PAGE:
Reliable, respectful, responsible are the three core values proudly displayed on the colorful mosaic mural Oak Park and River Forest High School dedicated on Monday in a special ribbon cutting event.
Held at the high school, faculty, staff and students gathered on Monday evening to celebrate the “Our Time to Grow” mural, which was commissioned to commemorate the school’s sesquicentennial anniversary.
In attendance to celebrate the special moment, Superintendent Greg Johnson praised the mural, which he called beautiful. He added that part of the beauty behind it was the partnership between the school and community organizations that worked together to make the mosaic mural possible.
Largely funded by the Huskie Booster Club, which donated $50,000 toward the legacy item, the remaining expenses, which were estimated to be a little more than $90,000, were covered by the Oak Park Area Arts Council.
The sesquicentennial mural was commissioned by OPRF art teacher and mosaic artist Tracy Van Duinen in partnership with local artist Carolyn Elaine and the Oak Park Area Arts Council’s Off the Wall program. The latter hires OPRF students for the summer to help design and construct murals around Oak Park. This summer’s project was the OPRF mural.
To fully understand the significance of the mural, one should read it left to right, said Johnson. Starting off on the right side, a giant tree representing the start and ending of the school year is showcased with leaves blowing in the wind. Those leaves lead into a husky’s face, the mascot of the high school and a point of pride for the athletics department. The mural also includes the year the school was founded, 1873, leaves that read “reliable,” “respectful,” and “responsible,” and, over the entrance to the south hall, the school’s motto “those things that are best” displayed in ancient Greek.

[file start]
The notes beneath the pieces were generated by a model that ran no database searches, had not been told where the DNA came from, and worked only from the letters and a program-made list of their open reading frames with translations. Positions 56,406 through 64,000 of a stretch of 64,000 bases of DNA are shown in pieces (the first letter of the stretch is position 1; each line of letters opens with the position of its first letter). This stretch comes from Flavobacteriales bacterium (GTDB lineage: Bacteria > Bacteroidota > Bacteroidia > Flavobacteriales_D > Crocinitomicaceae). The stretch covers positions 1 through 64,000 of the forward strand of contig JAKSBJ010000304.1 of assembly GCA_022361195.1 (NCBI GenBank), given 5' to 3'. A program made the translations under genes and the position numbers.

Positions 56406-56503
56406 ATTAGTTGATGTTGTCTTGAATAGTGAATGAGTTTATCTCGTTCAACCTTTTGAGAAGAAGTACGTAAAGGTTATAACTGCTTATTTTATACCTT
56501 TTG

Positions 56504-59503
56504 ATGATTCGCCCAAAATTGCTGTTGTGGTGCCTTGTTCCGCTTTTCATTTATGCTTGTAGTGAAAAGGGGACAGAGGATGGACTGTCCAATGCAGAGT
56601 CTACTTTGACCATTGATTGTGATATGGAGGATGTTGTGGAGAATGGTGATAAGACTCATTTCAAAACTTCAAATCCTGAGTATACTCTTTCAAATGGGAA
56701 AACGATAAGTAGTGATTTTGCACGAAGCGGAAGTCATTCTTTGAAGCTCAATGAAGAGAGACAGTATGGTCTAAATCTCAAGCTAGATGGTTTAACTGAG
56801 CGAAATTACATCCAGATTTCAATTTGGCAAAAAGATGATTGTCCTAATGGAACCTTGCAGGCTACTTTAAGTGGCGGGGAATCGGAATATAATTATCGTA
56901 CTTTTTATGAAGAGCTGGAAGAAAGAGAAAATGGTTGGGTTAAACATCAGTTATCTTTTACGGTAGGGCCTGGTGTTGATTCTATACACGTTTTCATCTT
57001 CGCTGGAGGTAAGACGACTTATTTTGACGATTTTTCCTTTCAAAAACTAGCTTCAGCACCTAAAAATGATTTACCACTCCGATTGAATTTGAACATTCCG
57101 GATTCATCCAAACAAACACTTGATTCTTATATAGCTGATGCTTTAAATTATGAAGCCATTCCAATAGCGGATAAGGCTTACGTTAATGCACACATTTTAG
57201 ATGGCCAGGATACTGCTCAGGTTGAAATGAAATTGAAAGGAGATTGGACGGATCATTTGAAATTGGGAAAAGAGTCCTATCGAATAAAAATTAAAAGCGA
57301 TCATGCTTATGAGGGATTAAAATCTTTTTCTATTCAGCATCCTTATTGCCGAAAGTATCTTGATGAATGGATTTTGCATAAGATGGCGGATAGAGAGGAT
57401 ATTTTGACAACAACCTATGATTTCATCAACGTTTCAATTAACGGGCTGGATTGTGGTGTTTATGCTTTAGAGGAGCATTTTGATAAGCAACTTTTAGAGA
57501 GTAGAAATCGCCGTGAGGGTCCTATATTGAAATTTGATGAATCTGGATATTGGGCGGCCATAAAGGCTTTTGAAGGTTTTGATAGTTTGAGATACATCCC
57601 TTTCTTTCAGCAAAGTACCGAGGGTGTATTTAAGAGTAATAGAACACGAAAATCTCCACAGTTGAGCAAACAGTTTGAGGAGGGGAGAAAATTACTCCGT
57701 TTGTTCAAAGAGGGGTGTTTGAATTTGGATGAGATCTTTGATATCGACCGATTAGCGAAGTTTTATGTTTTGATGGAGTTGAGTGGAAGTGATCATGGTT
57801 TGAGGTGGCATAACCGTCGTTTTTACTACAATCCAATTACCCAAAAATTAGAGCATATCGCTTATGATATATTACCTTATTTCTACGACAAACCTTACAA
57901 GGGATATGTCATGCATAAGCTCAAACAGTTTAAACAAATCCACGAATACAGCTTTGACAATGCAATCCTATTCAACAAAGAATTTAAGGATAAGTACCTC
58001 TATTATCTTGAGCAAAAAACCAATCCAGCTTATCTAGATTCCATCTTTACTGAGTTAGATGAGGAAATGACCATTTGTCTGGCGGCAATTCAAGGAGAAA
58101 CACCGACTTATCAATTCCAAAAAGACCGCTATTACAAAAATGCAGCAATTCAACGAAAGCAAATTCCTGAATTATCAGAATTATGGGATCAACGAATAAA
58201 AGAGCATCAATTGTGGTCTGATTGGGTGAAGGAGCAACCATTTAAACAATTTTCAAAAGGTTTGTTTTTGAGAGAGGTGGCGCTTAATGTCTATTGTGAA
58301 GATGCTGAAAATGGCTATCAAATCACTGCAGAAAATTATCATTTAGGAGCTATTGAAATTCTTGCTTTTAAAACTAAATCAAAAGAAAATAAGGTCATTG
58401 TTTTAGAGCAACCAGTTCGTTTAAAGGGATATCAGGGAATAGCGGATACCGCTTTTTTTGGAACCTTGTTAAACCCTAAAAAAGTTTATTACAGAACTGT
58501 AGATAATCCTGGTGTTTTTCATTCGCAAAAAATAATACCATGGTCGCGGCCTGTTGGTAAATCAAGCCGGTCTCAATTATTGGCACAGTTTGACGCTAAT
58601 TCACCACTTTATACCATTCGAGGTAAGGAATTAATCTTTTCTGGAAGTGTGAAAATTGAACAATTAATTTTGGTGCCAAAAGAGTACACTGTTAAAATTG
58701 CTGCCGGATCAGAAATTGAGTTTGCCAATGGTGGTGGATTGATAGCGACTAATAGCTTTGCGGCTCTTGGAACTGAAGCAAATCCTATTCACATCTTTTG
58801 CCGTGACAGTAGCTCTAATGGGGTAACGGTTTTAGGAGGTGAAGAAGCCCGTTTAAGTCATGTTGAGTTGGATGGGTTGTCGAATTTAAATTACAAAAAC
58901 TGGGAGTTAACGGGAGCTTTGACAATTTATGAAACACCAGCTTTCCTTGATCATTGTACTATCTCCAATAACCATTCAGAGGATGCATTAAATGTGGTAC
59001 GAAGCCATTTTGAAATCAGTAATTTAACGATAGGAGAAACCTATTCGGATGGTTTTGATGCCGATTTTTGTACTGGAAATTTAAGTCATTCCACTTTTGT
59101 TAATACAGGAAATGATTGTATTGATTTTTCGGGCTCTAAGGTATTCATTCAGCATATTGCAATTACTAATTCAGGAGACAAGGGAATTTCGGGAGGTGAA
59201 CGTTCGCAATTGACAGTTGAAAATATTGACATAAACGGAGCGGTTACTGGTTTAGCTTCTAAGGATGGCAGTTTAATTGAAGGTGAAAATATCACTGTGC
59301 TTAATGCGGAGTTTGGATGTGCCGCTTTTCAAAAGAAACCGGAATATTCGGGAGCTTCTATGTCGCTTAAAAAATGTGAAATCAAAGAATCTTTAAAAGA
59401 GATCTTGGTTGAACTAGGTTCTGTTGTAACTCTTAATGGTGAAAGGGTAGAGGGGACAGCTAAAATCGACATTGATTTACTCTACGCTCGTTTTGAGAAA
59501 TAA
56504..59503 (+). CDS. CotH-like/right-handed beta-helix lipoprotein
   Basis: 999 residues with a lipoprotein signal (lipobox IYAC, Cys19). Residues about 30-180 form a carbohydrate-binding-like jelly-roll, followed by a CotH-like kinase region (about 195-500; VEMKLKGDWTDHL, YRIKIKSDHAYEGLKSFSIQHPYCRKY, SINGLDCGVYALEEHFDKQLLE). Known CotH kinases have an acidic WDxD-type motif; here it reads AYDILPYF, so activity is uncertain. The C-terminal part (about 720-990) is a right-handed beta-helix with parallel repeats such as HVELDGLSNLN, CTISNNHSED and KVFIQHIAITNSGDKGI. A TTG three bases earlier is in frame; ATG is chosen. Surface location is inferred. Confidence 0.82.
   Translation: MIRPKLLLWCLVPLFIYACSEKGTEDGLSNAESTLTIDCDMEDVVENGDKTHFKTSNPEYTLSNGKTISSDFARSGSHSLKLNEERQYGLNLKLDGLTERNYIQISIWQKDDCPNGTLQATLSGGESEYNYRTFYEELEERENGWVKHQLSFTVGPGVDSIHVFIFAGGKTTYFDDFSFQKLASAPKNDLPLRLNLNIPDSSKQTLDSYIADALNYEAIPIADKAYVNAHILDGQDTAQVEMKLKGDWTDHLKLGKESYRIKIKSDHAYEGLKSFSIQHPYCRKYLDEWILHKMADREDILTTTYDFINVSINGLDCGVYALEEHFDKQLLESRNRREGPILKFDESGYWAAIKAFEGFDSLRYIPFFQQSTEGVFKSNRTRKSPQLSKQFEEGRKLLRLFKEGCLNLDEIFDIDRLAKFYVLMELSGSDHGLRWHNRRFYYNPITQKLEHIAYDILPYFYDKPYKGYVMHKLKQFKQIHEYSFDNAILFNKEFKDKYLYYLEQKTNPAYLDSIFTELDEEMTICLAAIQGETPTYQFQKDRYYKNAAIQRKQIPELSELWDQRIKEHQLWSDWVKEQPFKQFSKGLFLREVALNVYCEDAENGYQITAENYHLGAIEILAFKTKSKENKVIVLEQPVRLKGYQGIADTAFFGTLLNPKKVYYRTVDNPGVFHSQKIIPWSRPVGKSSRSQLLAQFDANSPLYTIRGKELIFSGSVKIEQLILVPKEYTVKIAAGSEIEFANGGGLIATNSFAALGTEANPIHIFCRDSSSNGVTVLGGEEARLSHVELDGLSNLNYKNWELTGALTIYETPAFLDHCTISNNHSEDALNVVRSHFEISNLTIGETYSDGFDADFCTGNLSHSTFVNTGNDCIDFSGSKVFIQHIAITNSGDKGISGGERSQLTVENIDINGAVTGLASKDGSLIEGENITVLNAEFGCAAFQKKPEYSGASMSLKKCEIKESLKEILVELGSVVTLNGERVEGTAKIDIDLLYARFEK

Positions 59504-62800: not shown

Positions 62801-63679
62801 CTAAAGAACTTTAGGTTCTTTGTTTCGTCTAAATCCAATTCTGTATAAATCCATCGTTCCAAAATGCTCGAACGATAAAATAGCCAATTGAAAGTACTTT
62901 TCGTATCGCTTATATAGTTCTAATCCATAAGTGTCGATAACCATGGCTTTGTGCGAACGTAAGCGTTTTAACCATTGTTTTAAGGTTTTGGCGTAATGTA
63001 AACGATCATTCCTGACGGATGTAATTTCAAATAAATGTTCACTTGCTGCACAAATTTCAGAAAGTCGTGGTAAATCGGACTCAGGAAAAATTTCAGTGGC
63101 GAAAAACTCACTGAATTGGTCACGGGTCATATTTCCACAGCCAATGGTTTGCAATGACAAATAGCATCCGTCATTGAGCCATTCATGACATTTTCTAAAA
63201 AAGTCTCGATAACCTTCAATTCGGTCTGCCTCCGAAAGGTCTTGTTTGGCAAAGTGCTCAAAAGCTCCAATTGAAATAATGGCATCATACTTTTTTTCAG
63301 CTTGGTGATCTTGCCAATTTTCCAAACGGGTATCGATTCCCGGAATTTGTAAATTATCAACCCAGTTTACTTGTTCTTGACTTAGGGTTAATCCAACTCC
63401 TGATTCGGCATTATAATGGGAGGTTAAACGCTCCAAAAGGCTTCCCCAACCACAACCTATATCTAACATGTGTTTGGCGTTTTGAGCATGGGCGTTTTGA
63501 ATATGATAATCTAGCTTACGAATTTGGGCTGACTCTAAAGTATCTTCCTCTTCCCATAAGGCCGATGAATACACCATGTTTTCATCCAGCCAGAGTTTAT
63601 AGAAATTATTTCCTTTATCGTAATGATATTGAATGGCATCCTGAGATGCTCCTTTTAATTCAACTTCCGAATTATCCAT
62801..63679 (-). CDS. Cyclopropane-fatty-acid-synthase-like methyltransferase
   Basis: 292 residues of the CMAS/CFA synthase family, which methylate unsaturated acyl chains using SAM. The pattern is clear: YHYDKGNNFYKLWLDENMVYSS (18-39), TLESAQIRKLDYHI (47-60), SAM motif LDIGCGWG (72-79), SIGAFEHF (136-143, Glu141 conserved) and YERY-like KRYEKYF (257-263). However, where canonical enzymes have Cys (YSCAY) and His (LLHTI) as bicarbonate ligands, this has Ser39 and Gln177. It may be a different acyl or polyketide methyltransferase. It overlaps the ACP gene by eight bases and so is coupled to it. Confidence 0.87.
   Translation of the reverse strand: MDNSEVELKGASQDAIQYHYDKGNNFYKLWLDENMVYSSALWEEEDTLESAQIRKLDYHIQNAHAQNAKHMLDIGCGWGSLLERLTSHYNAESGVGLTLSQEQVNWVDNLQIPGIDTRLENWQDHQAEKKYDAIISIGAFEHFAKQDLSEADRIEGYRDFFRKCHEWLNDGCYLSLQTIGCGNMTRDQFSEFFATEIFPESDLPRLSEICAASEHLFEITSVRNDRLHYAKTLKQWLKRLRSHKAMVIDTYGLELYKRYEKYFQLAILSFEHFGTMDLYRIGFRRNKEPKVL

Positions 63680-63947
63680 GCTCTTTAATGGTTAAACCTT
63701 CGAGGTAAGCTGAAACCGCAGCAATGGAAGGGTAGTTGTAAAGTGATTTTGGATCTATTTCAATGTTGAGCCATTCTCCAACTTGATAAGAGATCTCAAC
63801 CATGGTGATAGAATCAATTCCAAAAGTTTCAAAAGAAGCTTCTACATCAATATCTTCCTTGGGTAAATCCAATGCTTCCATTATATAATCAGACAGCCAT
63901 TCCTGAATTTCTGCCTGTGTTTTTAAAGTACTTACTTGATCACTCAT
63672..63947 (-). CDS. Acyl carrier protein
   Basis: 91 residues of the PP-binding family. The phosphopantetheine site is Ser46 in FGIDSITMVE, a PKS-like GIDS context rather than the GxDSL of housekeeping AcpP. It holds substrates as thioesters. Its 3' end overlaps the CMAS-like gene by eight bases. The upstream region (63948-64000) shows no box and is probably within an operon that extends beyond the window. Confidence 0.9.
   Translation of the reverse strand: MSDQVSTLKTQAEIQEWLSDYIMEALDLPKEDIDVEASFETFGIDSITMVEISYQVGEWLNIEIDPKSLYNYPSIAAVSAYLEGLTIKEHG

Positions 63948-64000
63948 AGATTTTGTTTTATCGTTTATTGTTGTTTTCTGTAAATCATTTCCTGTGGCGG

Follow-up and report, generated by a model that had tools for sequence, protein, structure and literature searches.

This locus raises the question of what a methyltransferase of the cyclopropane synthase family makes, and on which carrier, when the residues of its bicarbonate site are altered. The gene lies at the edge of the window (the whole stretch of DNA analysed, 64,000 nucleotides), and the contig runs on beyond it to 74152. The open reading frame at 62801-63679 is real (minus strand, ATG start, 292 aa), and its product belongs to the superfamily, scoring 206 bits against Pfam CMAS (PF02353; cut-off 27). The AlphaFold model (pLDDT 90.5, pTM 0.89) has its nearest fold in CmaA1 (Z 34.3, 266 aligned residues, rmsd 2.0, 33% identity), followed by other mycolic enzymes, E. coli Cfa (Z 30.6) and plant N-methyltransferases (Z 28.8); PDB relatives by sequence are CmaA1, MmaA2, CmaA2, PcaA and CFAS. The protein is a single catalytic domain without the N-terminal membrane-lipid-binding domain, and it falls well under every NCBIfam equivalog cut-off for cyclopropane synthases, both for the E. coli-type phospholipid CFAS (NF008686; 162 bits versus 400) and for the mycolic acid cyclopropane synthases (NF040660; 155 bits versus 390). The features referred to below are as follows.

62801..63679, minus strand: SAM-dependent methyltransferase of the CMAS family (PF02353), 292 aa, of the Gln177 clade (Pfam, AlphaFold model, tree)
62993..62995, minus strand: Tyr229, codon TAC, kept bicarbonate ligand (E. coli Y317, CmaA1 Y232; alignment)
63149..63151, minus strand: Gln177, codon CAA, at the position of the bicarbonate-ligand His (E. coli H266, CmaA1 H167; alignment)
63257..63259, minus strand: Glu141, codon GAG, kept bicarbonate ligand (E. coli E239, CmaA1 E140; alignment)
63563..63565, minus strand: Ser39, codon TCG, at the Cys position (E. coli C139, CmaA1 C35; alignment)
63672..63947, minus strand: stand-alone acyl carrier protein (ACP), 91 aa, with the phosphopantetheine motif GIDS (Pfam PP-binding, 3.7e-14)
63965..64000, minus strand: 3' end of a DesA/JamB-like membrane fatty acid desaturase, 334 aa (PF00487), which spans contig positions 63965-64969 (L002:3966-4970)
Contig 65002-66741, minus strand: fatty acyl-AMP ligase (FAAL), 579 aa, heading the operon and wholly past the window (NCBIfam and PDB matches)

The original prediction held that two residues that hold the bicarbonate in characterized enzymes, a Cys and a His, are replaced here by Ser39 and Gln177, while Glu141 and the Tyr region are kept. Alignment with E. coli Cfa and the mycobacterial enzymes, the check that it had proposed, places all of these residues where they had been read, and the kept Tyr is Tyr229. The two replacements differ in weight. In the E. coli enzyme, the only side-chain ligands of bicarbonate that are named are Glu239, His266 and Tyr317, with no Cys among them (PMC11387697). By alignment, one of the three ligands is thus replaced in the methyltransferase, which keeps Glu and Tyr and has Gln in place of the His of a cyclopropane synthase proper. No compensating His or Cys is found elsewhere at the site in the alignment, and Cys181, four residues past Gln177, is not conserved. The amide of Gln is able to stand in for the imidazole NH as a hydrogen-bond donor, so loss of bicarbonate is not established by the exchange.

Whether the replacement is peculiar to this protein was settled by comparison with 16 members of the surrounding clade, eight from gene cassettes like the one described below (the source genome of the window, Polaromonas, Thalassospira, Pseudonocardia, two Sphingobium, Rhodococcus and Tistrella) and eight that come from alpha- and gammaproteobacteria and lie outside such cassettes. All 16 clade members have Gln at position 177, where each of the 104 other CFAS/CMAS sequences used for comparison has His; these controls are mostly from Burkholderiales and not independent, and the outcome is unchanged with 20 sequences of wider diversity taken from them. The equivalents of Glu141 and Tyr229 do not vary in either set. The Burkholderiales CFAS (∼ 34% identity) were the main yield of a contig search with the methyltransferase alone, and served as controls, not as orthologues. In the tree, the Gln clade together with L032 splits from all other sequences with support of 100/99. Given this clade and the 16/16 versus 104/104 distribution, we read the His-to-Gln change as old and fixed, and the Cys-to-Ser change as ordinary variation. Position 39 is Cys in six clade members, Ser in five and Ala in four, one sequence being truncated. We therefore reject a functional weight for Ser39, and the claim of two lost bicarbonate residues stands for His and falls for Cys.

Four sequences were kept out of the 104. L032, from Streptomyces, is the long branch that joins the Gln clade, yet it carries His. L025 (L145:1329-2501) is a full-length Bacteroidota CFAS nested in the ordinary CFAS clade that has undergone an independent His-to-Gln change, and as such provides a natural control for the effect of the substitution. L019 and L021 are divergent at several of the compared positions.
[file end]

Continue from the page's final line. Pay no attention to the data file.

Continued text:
Van Duinen, who worked alongside 14 students and recent OPRF graduates in the OPRF auto shop, said it was a great feeling to be on the other side of the project and to finally get to see the whole thing come together.
“It was a lot of work, but we had a really great team to get it all done so I wasn’t worried,” Van Duinen said. “It’s nice to be on this side of projects like these and to be here celebrating and having the community enjoy it.”
The project also provided Van Duinen a “full-circle” experience — the beloved art teacher plans to retire in the next three years.
“For a community-based artist like me, I always put a piece up in the community and then walk away,” Van Duinen said. “Here, I am around it every day with the kids that I did it with so that is a special feeling. It is a new experience for me.”
Because both began their art careers around the same time and have been longtime friends, working alongside Elaine was also a meaningful experience, Van Duinen said.
Former OPRF student Hasani Cannon, 23, also had a hand in the mural. The 2018 graduate has been working with Off the Wall since he was a sophomore at the high school.
“It was definitely surreal, coming back here every day and seeing how the school has literally changed right in front of my eyes,” Cannon said, adding that working with current OPRF students and his former art teacher was his full-circle moment.
OPRF parent and local art teacher at Brooks Middle School, Kristi Murray, whose son helped with the mural, said she was really excited to be able to see the mural up close.
“I love that Oak Park Area Arts Council gives students the opportunity to be a working artist,” Murray said, adding that being able to work on the mural solidified her son’s desire to pursue a career in the arts.
According to Van Duinen, the whole mosaic mural took about three and a half weeks to install.
The mural can be seen by the high school entrance off of East Avenue as well as by driving down Linden Avenue.